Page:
Know the opponent: Virginia Cavaliers

The Blue Devils look to improve to 5-2 with a win against Virginia on Saturday.

The Blue Devils look to improve to 5-2 with a win against Virginia on Saturday.

This week, we are honored to have back Jerry Ratcliffe of The Daily Progress in Charlottesville to provide our opponent scouting report. Known to many as simply “Hootie,” Ratcliffe came to The Daily Progress in 1982 as sports editor and columnist. He has served as the sports editor of six daily newspapers during his career. His work has been recognized by the Associated Press Sports Editors Association, the College Football Writers Association, the U.S. Basketball Writers Association and the Virginia Press Association as well as the Middle Atlantic PGA (recipient of the Earle Hellen Award in 2007). Ratcliffe has won more than 55 writing awards and has served as president of the Atlantic Coast Sports Media Association. He has penned one book: The University of Virginia Football Vault, a history of the Cavaliers program. He has been named the state of Virginia “Sportswriter of the Year” on four occasions by the National Sportswriters and Sportscasters Association.

Not only an outstanding journalist and editor, Jerry is one of the top authorities on Virginia football. We are so glad to have his help again this week!

After an opening win against a good BYU team, Virginia has dropped 4 of their last 5 games. What went right in the opener and what has gone wrong since?

The Cavaliers caught BYU at the right time and perhaps in the right conditions. BYU had an entirely new offensive staff (although so did UVa) and BYU’s QB, Hill, showed a little rust. I think Virginia’s new attacking defensive style disrupted BYU’s timing just enough to matter and the Cougars committed a crucial turnover late in the game, which iced the upset for Virginia. Later, BYU’s new offensive coordinator admitted he gambled late when he shouldn’t have, resulting in the turnover.

Also, I think a lengthy storm delay helped Virginia. Being the home team, the Cavaliers were better prepared to handle the delay and intelligently went to great lengths to make sure their players were replenished during the storm. They say rain is the great equalizer and even though they returned to the field after the lightning delay, the teams played the remainder of the game in mostly heavy rain.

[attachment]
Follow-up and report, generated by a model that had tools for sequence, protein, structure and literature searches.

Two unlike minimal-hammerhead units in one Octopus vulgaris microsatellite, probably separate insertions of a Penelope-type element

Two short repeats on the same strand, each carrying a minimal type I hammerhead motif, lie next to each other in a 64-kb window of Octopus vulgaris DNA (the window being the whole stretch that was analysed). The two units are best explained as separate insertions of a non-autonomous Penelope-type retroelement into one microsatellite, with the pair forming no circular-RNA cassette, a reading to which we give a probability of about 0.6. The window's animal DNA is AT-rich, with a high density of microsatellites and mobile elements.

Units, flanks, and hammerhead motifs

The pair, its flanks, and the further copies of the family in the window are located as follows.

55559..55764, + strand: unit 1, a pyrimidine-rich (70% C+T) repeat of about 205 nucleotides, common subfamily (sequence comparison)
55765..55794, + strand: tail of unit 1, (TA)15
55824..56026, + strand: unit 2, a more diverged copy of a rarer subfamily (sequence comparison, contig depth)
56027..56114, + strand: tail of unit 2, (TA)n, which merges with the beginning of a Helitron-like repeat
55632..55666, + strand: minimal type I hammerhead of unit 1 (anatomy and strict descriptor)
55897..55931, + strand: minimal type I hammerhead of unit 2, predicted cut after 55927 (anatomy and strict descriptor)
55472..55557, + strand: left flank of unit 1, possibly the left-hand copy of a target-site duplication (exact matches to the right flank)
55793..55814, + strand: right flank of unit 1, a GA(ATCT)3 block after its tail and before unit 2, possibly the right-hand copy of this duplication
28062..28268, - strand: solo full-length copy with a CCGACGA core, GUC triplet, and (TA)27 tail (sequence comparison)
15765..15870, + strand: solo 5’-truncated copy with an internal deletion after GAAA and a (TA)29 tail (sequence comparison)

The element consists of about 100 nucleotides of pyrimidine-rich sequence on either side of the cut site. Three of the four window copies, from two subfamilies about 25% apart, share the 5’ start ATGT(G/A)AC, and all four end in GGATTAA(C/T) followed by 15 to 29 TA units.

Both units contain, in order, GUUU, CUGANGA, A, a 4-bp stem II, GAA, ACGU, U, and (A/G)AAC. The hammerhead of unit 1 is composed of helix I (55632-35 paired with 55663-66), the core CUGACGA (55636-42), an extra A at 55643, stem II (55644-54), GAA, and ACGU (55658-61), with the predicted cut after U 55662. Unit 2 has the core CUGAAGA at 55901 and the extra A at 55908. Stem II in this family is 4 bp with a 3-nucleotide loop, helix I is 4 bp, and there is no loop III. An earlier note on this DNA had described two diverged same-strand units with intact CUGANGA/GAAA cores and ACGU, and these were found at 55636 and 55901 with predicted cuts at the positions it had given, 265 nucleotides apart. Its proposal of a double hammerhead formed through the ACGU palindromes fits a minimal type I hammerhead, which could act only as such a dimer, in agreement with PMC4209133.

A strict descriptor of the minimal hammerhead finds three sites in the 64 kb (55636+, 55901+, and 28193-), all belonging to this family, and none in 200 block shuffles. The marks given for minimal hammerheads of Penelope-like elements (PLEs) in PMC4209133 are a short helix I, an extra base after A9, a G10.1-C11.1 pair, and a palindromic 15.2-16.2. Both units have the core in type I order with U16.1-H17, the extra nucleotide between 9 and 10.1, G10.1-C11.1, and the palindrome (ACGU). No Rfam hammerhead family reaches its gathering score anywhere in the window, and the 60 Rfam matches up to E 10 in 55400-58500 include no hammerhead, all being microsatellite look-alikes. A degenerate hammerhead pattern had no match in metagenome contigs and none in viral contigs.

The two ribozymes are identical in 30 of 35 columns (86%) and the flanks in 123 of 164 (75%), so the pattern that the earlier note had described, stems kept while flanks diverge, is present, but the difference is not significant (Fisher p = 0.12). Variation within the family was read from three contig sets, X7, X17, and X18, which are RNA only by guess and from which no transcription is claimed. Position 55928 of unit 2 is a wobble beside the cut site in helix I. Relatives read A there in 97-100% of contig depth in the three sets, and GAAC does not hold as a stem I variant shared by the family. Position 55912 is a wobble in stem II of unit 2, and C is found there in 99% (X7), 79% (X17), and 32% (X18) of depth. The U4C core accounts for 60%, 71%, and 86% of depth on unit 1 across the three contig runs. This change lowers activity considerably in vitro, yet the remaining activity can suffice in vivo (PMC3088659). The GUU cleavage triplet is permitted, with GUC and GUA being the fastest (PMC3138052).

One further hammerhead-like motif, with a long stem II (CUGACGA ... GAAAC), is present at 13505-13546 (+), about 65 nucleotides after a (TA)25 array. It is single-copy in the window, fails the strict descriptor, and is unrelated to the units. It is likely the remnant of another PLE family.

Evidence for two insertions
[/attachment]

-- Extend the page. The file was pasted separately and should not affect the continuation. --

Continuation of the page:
I’m not sure that Virginia could beat BYU if the game was played now rather than the season opener.

Since that time, several of UVa’s warts have been exposed, a lack of depth in several spots on both sides of the ball, the youth of the club (the Cavaliers have only 7 seniors and only 4 are regular starters). The offensive line has been suspect and looks like it is only now starting to come together after moving the pieces around. Quarterback David Watford has a lot of potential, but he’s essentially a first-year starter even though he has been in the program for three years, and has come along perhaps a little slower than expected.

Youth is certainly being served on this Virginia team, with 35 underclassmen on the depth chart. Redshirt-sophomore David Watford has taken over the Cavalier offense after the departures of Michael Rocco and Phillip Sims, and the Wahoos also brought in highly-touted RB recruit Taquan Mizzell. Even with those new additions, Virginia ranks 100th in the nation in scoring; what has been the source of their offensive struggles?

My personal belief is that if Rocco’s father had not been so impatient and that Rocco had remained at UVa, the Cavaliers would be no worse than 4-2 right now as opposed to 2-4.

Perhaps it’s just the entire “newness” on the offensive side with a new offensive coordinator, new running backs coach, an influence by associate head coach for offense in Tom O’Brien, a new quarterback.

Watford appears to be progressing week-by-week. He played with the most confidence yet in last week’s one-point loss at Maryland. He had more zip on the ball and seemed to be reading defenses better, making better decisions. It was his first game this season without a turnover.